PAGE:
The Theatreguide.London Review
A Thousand Stars Explode In The Sky
Lyric Hammersmith Theatre Spring 2010
The End Of The Universe is coming in two weeks (something to do with string theory), and the members of a divided family regroup at the old family pig farm to face cosmic annihilation together.
That's the premise of this new play co-written by David Eldridge (Market Boy), Robert Holman (Other Worlds) and Simon Stephens (Punk Rock).
But as imaginative as the concept may be, it goes almost nowhere that you couldn't predict, and almost nowhere that has anything new to say or offers much for us to become emotionally involved with.
The family are a mother and her five grown sons. One is dying and may not make it to The End, one is an emotionally closed man trying to raise his grandson, one is a weakling who has abdicated all responsibility to his wife, one is a street bum they've lost contact with, and one is a schoolboy with psychic powers.
Along with that wife, that grandson and his feckless mother, the coming apocalypse seems to have bent time and space so that the ultimate matriarch, the brothers' grandmother, can also appear with her lover. Oh, and the grandson, who is about the same age as his youngest uncle, shares his psychic powers.
As they all converge on the farm, old animosities will come to the fore, buried questions will be asked and answered, truths will be told, and presumably everyone will be better prepared to face the apocalypse in peace.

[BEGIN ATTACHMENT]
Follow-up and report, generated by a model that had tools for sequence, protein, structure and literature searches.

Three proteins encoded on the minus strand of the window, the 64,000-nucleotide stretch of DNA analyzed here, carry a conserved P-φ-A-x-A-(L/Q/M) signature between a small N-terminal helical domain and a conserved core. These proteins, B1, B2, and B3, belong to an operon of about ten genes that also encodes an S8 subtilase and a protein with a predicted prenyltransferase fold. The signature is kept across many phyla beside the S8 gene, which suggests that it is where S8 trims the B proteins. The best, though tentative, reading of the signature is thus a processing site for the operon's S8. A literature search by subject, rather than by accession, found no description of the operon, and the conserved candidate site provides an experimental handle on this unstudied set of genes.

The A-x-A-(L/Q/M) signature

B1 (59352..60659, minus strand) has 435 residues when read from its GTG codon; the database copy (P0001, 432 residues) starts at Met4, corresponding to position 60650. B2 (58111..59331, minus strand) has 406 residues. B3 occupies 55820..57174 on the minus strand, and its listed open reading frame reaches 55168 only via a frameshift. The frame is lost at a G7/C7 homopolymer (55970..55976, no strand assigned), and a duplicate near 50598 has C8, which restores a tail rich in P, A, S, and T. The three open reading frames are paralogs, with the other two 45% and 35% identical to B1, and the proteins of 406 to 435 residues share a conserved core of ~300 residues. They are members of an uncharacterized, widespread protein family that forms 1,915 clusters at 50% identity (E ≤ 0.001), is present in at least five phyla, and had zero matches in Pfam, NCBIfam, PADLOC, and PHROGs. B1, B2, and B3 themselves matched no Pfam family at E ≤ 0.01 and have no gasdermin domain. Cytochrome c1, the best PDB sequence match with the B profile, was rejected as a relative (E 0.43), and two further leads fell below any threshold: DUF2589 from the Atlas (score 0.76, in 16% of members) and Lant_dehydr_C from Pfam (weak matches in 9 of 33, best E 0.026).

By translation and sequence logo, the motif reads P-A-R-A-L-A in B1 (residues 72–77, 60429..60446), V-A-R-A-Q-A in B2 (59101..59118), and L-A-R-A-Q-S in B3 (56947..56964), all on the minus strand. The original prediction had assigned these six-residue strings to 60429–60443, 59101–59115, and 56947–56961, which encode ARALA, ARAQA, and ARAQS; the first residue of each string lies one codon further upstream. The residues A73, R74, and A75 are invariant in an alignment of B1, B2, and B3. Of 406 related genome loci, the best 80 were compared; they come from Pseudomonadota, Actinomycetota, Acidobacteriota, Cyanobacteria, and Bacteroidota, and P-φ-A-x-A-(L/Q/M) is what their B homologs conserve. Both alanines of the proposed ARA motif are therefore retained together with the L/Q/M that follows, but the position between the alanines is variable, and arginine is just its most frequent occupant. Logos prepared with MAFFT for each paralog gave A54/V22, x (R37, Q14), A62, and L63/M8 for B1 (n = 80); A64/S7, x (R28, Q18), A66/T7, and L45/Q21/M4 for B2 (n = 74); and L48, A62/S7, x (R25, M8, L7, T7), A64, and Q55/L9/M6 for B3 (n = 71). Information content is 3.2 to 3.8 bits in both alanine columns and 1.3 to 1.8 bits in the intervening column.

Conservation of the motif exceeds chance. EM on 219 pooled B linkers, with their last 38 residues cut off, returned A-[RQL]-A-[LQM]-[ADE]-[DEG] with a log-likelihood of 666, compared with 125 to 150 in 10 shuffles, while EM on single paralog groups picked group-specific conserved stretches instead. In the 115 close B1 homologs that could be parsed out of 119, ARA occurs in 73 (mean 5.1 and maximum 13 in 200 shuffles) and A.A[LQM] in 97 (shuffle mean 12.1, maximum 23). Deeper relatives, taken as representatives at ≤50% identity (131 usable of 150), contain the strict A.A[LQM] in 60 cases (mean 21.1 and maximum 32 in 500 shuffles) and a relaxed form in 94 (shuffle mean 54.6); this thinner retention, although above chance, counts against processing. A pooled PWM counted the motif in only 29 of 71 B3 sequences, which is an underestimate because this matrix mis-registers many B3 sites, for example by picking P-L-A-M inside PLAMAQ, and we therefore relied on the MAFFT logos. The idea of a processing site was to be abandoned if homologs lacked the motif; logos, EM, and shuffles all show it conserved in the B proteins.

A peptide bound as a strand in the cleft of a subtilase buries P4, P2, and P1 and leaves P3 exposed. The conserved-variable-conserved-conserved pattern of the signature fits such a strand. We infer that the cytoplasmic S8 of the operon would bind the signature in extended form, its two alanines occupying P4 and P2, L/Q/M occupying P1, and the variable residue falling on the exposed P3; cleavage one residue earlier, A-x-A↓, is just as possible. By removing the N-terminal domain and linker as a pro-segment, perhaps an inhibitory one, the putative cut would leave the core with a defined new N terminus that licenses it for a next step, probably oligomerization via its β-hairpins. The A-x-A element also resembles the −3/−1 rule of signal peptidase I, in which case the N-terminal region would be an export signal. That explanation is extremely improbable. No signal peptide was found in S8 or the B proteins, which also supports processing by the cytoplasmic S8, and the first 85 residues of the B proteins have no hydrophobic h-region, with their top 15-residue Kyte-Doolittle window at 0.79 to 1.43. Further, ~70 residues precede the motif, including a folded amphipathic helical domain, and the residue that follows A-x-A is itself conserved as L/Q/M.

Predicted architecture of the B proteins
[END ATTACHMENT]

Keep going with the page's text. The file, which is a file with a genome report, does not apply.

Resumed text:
But the animosities prove little more than standard sibling or marital grudges, the truths and revelations banal.
The ghostly grandmother fears that she placed a House of Atreus curse on the family with her adultery; the mother confesses that, feeling unloved by her mother, she was unable to give love to her sons; and the brothers all admit that in one way or another they consider themselves failures.
And somebody actually expresses the moral out loud - that they have to learn to forgive themselves so that they can forgive each other.
Even by soap opera standards - and the play does keep sinking to soap opera level - this is pretty tame stuff, hardly enough to hold our interest or make us care.
Meanwhile the play spends too much of its length meandering aimlessly rather than driving toward its conclusion (perhaps a result of the group creation), giving us time to notice how little it's telling us, how long it drags on after saying all it had to say, and how awkwardly it handles its subsidiary plot points
The missing brother, searched for in Exeter, is somehow stumbled on in London; the ghostly grandmother's crime is not presented as all that bad or even relevant; the boys' psychic powers are never much more than an incidental curiosity, just like their shared asthma; and one of the secondary characters is too blithely killed off offstage.
Director Sean Holmes must bear some responsibility for the play's weak structure and pacing, just marching his actors on to the mainly bare stage to play a scene and then walk off, rarely making either time or place clear, and not giving the play the building tension or momentum you would expect the impending time limit to generate.
The actors all work admirably but too often seem lost and abandoned by their playwrights and director, with only Nigel Cooke (dying man), Alan Williams (grandfather) and Harry McEntire (youngest brother) able to manage moments of reality and interest.
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